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Hong Kong, China: December 1998

“ Despite the current economic difficulties, notably the contraction of GDP and rising unemployment, Hong Kong had maintained its traditional openness to both trade and investment and had not taken any measures directly affecting imports or foreign direct investment...”

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8 December 1998

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The Trade Policy Review Body of the World Trade Organization (WTO) concluded its third review of the trade policies of Hong Kong, China on 7 and 8 December 1998. The text of the Chairperson's concluding remarks is attached as a summary of the salient points which emerged during the discussion. The review enables the TPRB to conduct a collective examination of the full range of trade policies and practices of each WTO member country at regular periodic intervals to monitor significant trends and developments which may have an impact on the global trading system.

The review is based on two reports which are prepared respectively by the WTO Secretariat and the government under review and which cover all aspects of the country's trade policies, including its domestic laws and regulations, the institutional framework, bilateral, regional and other preferential agreements, the wider economic needs and the external environment. A record of the discussion and the Chairperson's summing up together with the reports will be published in due course as the complete trade policy review of Hong Kong, China and will be available from the WTO Secretariat, Centre William Rappard, 154 rue de Lausanne, 1211 Geneva 21.

Since December 1989, the following reports have been completed: Argentina (1992), Australia (1989, 1994 & 1998), Austria (1992), Bangladesh (1992), Benin (1997), Bolivia (1993), Botswana (1998), Brazil (1992 & 1996), Burkina Faso (1998), Cameroon (1995), Canada (1990, 1992, 1994 & 1996), Chile (1991 & 1997), Colombia (1990 & 1996), Costa Rica (1995), C˘te d'Ivoire (1995), Cyprus (1997), the Czech Republic (1996), the Dominican Republic (1996), Egypt (1992), El Salvador (1996), the European Communities (1991, 1993, 1995 & 1997), Fiji (1997), Finland (1992), Ghana (1992), Hong Kong (1990, 1994 & 1998), Hungary (1991 & 1998), Iceland (1994), India (1993 & 1998), Indonesia (1991, 1994 & 1998), Israel (1994), Jamaica (1998), Japan (1990, 1992, 1995 & 1998), Kenya (1993), Korea, Rep. of (1992 & 1996), Lesotho (1998), Macau (1994), Malaysia (1993 & 1997), Mali (1998), Mauritius (1995), Mexico (1993 & 1997), Morocco (1989 & 1996), New Zealand (1990 & 1996), Namibia (1998), Nigeria (1991 & 1998), Norway (1991 & 1996), Pakistan (1995), Paraguay (1997), Peru (1994), the Philippines (1993), Poland (1993), Romania (1992), Senegal (1994), Singapore (1992 & 1996), Slovak Republic (1995), the Solomon Islands (1998), South Africa (1993 & 1998), Sri Lanka (1995), Swaziland (1998), Sweden (1990 & 1994), Switzerland (1991 & 1996), Thailand (1991 & 1995), Trinidad and Tobago (1998), Tunisia (1994), Turkey (1994 & 1998), the United States (1989, 1992, 1994 & 1996), Uganda (1995), Uruguay (1992 & 1998), Venezuela (1996), Zambia (1996) and Zimbabwe (1994).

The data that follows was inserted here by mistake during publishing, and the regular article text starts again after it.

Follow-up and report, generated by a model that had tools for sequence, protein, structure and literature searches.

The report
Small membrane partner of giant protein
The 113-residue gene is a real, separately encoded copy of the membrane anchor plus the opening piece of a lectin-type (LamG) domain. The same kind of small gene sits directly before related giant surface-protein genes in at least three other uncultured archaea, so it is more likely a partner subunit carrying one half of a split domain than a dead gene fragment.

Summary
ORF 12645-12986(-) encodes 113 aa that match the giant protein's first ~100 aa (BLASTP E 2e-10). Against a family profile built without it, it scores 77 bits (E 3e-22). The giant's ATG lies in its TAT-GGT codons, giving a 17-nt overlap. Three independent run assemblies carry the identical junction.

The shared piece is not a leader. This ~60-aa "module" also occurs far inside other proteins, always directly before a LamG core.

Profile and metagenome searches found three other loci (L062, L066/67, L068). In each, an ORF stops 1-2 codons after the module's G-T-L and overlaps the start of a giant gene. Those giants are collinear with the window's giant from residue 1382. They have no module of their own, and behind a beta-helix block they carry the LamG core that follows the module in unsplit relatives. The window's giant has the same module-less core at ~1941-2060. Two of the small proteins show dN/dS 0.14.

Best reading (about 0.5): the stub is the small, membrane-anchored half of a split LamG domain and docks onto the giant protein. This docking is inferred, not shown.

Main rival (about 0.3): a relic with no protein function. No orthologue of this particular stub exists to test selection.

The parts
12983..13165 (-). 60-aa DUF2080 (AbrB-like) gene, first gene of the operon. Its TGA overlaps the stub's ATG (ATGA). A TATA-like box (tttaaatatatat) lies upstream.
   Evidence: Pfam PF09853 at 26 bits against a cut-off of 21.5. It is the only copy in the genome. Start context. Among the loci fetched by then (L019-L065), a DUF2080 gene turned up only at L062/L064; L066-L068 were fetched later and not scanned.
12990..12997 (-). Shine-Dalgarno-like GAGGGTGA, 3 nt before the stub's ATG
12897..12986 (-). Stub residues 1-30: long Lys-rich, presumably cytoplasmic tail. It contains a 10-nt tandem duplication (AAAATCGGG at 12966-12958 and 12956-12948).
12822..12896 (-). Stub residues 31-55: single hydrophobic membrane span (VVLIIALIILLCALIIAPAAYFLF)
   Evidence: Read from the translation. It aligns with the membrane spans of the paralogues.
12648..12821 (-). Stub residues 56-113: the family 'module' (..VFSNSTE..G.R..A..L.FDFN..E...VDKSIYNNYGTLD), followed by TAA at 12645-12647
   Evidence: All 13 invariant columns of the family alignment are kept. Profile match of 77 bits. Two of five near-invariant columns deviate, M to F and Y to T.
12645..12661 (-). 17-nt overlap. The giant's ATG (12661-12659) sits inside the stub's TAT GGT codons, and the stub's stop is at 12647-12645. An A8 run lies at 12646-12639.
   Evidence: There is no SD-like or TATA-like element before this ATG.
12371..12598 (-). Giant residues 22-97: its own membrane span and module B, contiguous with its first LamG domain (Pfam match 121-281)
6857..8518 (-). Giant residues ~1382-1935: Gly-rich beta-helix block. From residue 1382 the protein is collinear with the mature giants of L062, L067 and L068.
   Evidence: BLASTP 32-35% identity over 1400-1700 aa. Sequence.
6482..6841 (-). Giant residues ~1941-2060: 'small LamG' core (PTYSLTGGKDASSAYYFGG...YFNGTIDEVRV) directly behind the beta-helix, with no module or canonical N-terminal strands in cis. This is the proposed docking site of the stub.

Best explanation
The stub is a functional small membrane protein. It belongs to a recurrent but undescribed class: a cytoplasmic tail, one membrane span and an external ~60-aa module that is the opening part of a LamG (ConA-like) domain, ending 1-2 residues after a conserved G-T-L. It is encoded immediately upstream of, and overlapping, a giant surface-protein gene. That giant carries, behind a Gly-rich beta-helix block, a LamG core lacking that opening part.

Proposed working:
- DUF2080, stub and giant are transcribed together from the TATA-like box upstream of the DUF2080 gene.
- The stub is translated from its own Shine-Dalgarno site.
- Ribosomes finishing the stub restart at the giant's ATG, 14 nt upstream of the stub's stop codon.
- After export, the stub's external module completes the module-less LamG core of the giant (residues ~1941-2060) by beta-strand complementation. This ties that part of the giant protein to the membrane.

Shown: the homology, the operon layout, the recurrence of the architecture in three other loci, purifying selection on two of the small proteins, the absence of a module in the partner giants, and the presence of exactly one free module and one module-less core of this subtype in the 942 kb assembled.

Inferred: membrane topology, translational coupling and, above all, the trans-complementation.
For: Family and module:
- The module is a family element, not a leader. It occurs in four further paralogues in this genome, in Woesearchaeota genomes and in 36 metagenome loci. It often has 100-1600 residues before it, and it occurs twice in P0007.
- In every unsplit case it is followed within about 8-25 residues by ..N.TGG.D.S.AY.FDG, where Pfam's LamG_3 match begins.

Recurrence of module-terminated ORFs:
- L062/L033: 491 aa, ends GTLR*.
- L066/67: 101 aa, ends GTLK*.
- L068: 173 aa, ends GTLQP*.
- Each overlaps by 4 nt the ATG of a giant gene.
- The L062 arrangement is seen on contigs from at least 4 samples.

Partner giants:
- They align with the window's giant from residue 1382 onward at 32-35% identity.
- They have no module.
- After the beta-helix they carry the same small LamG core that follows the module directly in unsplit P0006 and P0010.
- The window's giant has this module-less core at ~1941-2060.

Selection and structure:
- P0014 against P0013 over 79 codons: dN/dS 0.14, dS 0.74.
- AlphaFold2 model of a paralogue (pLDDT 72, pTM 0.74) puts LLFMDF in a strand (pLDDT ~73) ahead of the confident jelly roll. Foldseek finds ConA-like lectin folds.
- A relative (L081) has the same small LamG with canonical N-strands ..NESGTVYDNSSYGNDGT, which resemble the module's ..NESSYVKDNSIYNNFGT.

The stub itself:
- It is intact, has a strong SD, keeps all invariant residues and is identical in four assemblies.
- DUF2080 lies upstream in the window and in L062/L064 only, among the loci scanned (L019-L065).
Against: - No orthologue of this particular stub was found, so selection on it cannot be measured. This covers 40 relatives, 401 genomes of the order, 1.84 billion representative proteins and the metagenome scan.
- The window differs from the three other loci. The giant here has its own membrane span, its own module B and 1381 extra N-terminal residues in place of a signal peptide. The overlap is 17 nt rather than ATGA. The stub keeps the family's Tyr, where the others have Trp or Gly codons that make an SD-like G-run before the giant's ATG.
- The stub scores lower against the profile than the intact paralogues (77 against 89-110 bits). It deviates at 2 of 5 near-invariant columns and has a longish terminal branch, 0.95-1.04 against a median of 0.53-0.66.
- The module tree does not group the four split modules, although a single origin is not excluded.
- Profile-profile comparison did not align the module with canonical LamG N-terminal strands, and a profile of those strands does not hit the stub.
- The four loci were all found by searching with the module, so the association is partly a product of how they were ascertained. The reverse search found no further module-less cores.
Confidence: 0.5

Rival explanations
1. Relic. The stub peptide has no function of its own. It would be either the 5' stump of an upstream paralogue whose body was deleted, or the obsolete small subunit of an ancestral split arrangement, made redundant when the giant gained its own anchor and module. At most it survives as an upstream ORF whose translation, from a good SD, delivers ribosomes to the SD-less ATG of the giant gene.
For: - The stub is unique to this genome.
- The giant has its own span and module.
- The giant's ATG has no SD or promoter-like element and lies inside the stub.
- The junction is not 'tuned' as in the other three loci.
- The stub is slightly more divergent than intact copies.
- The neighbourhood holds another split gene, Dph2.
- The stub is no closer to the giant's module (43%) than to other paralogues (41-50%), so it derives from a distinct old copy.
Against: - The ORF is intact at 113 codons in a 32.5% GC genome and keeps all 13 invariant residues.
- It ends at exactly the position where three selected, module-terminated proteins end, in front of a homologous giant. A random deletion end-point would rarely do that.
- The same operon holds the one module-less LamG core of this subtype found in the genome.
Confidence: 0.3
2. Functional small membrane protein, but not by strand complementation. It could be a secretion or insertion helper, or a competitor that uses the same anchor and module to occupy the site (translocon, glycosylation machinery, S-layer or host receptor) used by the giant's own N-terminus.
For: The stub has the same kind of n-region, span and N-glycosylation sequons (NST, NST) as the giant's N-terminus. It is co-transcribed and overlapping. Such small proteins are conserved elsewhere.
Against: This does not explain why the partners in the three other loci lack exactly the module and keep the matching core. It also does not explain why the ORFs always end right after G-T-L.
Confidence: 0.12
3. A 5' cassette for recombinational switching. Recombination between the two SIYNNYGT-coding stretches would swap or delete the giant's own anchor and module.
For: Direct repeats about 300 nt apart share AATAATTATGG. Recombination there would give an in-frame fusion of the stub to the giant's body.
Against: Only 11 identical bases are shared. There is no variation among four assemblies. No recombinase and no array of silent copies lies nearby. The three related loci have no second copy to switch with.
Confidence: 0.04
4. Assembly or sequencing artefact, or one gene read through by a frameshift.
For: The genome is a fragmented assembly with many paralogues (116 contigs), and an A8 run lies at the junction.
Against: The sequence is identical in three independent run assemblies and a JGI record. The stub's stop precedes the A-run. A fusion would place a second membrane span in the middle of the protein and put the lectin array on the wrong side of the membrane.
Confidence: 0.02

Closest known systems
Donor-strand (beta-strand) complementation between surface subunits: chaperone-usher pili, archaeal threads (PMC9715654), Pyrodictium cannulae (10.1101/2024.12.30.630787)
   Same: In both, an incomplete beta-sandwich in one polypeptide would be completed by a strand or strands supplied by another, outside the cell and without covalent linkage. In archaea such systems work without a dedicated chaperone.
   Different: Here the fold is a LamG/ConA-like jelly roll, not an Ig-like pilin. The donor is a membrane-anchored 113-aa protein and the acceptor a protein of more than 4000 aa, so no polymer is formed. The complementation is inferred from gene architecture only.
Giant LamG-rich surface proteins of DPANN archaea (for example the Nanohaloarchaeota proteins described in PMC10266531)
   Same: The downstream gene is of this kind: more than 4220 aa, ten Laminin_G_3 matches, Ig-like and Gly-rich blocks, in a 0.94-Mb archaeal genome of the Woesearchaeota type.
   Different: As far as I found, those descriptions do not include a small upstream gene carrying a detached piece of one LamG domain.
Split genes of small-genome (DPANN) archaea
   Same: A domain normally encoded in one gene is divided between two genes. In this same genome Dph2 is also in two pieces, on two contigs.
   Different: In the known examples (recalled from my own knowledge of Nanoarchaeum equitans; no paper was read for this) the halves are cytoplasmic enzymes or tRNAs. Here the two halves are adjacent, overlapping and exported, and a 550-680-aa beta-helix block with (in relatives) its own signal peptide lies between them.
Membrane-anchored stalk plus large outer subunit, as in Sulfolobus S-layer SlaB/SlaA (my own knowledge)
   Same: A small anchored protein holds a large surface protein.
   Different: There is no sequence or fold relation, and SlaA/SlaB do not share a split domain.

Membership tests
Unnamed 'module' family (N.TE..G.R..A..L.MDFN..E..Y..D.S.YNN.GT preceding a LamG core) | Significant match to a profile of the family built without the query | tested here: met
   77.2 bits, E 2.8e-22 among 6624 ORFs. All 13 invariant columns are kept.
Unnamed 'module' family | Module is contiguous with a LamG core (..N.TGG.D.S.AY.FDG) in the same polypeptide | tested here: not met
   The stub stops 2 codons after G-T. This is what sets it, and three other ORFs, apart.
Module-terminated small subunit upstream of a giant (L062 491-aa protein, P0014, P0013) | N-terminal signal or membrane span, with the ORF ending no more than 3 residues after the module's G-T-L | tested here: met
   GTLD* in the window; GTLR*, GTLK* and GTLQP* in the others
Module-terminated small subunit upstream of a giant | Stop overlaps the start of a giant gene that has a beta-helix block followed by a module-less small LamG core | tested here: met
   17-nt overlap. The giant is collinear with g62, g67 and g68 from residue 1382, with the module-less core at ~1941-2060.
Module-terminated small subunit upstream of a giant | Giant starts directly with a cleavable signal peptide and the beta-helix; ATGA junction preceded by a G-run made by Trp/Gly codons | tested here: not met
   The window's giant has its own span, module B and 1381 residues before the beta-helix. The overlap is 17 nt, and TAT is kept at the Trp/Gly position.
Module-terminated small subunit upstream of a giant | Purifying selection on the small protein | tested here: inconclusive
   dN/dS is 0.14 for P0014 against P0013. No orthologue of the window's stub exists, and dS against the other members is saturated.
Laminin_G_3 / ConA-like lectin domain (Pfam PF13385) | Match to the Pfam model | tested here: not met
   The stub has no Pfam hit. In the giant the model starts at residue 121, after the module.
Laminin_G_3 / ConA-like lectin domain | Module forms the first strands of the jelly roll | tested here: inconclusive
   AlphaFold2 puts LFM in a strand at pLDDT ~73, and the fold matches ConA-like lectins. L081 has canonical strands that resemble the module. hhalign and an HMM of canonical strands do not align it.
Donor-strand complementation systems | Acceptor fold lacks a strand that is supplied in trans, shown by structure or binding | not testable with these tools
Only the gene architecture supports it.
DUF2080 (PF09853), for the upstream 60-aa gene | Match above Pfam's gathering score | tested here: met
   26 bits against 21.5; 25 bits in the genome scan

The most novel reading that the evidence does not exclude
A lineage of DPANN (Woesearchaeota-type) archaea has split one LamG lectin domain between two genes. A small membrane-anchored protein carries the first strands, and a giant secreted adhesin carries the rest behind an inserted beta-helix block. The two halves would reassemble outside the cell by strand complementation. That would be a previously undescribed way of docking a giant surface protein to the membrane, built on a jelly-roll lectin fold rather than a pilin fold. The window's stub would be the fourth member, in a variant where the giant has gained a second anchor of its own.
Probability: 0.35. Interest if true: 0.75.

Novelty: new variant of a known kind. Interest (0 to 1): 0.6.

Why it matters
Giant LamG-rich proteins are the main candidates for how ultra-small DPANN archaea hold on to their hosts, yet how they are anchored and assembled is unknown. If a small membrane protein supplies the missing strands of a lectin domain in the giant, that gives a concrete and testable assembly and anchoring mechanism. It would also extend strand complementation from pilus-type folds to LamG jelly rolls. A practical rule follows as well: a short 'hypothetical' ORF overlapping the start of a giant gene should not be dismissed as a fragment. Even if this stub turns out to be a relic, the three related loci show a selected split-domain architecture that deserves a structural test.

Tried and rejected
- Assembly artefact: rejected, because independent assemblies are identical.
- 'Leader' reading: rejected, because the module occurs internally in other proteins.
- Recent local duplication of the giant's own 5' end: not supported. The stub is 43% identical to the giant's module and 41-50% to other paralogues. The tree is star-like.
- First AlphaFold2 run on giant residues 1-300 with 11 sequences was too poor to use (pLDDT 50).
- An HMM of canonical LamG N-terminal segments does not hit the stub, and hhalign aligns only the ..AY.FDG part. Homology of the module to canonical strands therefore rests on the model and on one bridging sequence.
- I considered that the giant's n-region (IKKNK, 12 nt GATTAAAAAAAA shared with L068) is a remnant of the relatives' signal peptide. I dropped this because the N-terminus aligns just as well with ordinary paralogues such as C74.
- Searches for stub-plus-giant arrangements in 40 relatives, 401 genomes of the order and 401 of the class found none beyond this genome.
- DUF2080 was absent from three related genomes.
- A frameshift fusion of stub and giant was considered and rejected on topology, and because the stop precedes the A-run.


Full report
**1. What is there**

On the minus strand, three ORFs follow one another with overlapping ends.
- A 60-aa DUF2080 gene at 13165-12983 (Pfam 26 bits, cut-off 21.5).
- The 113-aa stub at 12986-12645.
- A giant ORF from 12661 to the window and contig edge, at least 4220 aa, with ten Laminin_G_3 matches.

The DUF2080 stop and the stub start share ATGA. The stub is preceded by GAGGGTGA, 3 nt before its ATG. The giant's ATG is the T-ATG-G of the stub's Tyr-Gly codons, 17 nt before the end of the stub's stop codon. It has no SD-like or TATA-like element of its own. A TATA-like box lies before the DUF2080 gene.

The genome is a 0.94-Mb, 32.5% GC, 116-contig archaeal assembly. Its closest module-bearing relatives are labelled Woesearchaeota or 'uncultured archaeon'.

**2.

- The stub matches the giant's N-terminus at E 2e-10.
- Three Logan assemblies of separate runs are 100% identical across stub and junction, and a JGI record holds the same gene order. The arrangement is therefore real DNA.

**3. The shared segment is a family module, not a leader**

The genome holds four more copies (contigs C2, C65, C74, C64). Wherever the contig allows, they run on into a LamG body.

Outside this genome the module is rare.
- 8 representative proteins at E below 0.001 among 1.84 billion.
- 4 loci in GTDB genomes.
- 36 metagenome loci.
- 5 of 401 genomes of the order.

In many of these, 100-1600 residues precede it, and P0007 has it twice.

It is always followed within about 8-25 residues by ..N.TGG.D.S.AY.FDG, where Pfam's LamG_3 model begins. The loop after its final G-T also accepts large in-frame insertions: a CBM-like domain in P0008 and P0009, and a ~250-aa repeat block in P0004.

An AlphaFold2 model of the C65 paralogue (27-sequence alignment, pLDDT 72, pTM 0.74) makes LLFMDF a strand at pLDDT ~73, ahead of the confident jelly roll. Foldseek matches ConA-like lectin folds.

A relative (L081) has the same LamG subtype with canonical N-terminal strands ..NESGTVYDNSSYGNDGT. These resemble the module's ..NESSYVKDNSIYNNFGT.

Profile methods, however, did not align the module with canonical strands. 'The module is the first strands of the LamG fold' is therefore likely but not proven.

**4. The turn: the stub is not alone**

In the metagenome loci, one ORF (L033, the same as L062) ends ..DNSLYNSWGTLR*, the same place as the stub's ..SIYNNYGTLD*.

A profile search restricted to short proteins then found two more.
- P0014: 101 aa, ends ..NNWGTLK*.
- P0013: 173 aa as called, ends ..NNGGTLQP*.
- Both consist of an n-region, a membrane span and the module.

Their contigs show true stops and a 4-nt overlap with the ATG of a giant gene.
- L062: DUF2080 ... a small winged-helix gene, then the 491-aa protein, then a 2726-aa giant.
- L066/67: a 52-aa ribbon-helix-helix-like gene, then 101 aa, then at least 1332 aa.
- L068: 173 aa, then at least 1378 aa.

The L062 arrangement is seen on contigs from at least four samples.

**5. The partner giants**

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The third Trade Policy Review of Hong Kong, China was conducted by the TPR Body on 7 and 8 December 1998. These remarks, prepared on my own responsibility, are intended to summarize the main points of the discussion; they are not intended as a full report. Further details of the discussion will be fully reflected in the minutes.

The discussion developed under three main themes: (i) economic environment; (ii) trade policies and measures; and (iii) sectoral issues.

Economic environment

Members congratulated Hong Kong, China on both the smooth transfer of sovereignty and on its reaction to the Asian crisis. Notwithstanding these two major developments, the present economic regime could be characterized as "business as usual". Indeed, the Hong Kong, China economy remained among the most open of WTO Members, a feature which had contributed to Hong Kong, China having one of the highest standards of living in the world. Despite the current economic difficulties, notably the contraction of GDP and rising unemployment, Hong Kong had maintained its traditional openness to both trade and investment and had not taken any measures directly affecting imports or foreign direct investment, thereby demonstrating its continuing commitment to the primacy of the WTO, to which Hong Kong, China had contributed significant leadership.

Members raised a number of questions particularly with respect to the special role and status of the Hong Kong Special Administrative Region (HKSAR) in China; the impact of the Asian financial crisis on Hong Kong, China's macroeconomic performance, its exchange rate system and fiscal policy; recent stock market intervention; and the change in the economic and trade structure of Hong Kong, China.

In reply, the representative of Hong Kong, China thanked Members for their support for Hong Kong, China's policies and for their confirmation that Hong Kong, China continued to conduct "business as usual". She added that under the Basic Law the HKSAR had a firm, guaranteed, framework to pursue free and open economic policies on all fronts.

On Hong Kong, China's macroeconomic performance, she stated her conviction that the economy's fundamentals were sound and that Hong Kong, China was well placed to react once local sentiment and external circumstances, on which Hong Kong, China was heavily dependent, improved. The linked exchange rate system had served the economy well and its abandonment was not an appropriate response to the existing difficulties; the link remained essential both to Hong Kong, China's role as a major international financial centre and to its efforts to promote international trade, particularly given the external orientation of the economy. In addition, with zero government debt and high fiscal reserves, the Government maintained a prudent fiscal stance, which would contribute to a rapid recovery.